15 Things I Know About Being a Parent

Parenting is, of course, the most consuming, challenging and exhausting task that I have ever involved myself in. Some days I ask: “what were we thinking???” And on the other days, I just don’t ask. And speaking of “we”, I readily admit that marriage is a very close second in this listing of difficult things known to humankind.

It was fifteen years ago today that I first became a mother. And how well I remember that incredible day—the moments of fear when I faced the unknowns, the moments of elation when I realized what I had gained. Holding that tiny 6 lb. 7 1/2 ounce baby boy swaddled in a receiving blanket, I knew a love I had never known before. I knew a fierce need to shelter and protect that I had heretofore never experienced. I knew so much in that instant I saw his precious baby face.

I knew so little.

Sons are interesting characters. They cling close to their mamas until they reach toddler stage, and then they can’t seem to get enough of their dads. Dads hold the world in the palms of their hands, or so it seems to bright-eyed little boys. I have watched my son and his dad grow closer over the years, and I am so thankful that they have each other. Particularly in light of the fact that they are also outnumbered in our family of six (complete with four girls). This relationship they share is a gift, one not to be taken lightly. I know neither does; never would they.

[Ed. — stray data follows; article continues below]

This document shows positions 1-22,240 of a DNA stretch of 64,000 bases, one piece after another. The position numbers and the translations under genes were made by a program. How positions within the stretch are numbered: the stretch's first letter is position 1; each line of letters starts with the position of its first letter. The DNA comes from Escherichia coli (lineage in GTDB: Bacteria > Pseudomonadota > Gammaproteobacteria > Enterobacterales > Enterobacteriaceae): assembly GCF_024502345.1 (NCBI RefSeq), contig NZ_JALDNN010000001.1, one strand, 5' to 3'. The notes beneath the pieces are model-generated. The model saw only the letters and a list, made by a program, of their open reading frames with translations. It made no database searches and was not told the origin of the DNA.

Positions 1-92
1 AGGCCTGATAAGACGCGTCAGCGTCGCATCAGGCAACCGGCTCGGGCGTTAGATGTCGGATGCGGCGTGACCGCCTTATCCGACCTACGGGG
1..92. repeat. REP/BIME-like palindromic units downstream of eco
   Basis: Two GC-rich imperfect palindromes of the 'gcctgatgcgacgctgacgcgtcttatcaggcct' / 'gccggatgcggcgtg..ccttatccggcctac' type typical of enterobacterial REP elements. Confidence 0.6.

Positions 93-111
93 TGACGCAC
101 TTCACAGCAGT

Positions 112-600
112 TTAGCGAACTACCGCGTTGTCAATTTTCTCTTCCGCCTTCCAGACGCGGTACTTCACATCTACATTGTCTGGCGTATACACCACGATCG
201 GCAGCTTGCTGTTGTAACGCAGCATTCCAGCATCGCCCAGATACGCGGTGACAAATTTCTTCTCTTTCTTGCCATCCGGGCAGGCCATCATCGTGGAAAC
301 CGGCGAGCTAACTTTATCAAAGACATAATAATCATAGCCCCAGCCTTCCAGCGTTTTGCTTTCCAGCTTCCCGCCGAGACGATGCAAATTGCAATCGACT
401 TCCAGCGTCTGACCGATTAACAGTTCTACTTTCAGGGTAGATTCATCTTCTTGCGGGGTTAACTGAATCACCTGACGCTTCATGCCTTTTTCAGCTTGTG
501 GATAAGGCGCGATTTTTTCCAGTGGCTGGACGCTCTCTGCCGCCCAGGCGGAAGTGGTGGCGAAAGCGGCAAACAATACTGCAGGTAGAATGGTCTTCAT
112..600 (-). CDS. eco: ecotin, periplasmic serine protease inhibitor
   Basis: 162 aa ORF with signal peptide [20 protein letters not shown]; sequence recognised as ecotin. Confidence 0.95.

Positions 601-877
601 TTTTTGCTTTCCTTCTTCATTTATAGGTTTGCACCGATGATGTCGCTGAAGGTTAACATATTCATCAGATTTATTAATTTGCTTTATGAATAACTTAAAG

In honor of my son’s 15th birthday and due to the fact that it is also the anniversary of my 15th year being a mama, here are 15 things I know now that I didn’t know back then…

1.) Every moment is a gift, and of course meant to be cherished; but some moments are meant to just be ‘lived’, and then we move on. We don’t have to make everything special. Everything extraordinary. Sometimes life is just meant to be experienced mundanely, in the everyday ordinary routine of life. This too is precious.

2.) Kids don’t always need entertainment; the more entertainment/amusement, the less imagination/creativity (at least in the world I grew up in—which means it still holds true for my Fearless Four. Because I say so.).

3.) Sincere apologies are best taught through humble parental modeling.

4.) Some things like burps and flatulence and mysterious smells from the bathroom and spilled popcorn on the bed and Vaseline on the couch and chocolate chips all over the floor and canned goods on top of the baby…and the like: these things (while startling) are not worth blowing a gasket/major artery over. Live and learn.

5.) Seeing your child show kindness to others will make your heart swell in ways that temporary academic or sporting accomplishments never could.

6.) Patience is a virtue, but when in short supply, time-outs for mama in the bathroom/quick exits from the scene of disaster also work.

7.) Four kids is a lot of kids. But then again, so was one.

8.) The question “will I love the second (third, fourth) as much” is entirely not worth entertaining for even one little second; the answer is always yes, Yes, YES! : “to the moon and back again.” Every single time.

9.) Sometimes Mamas make mistakes. Moving on…

10.) Screaming is not the most effective form of communication.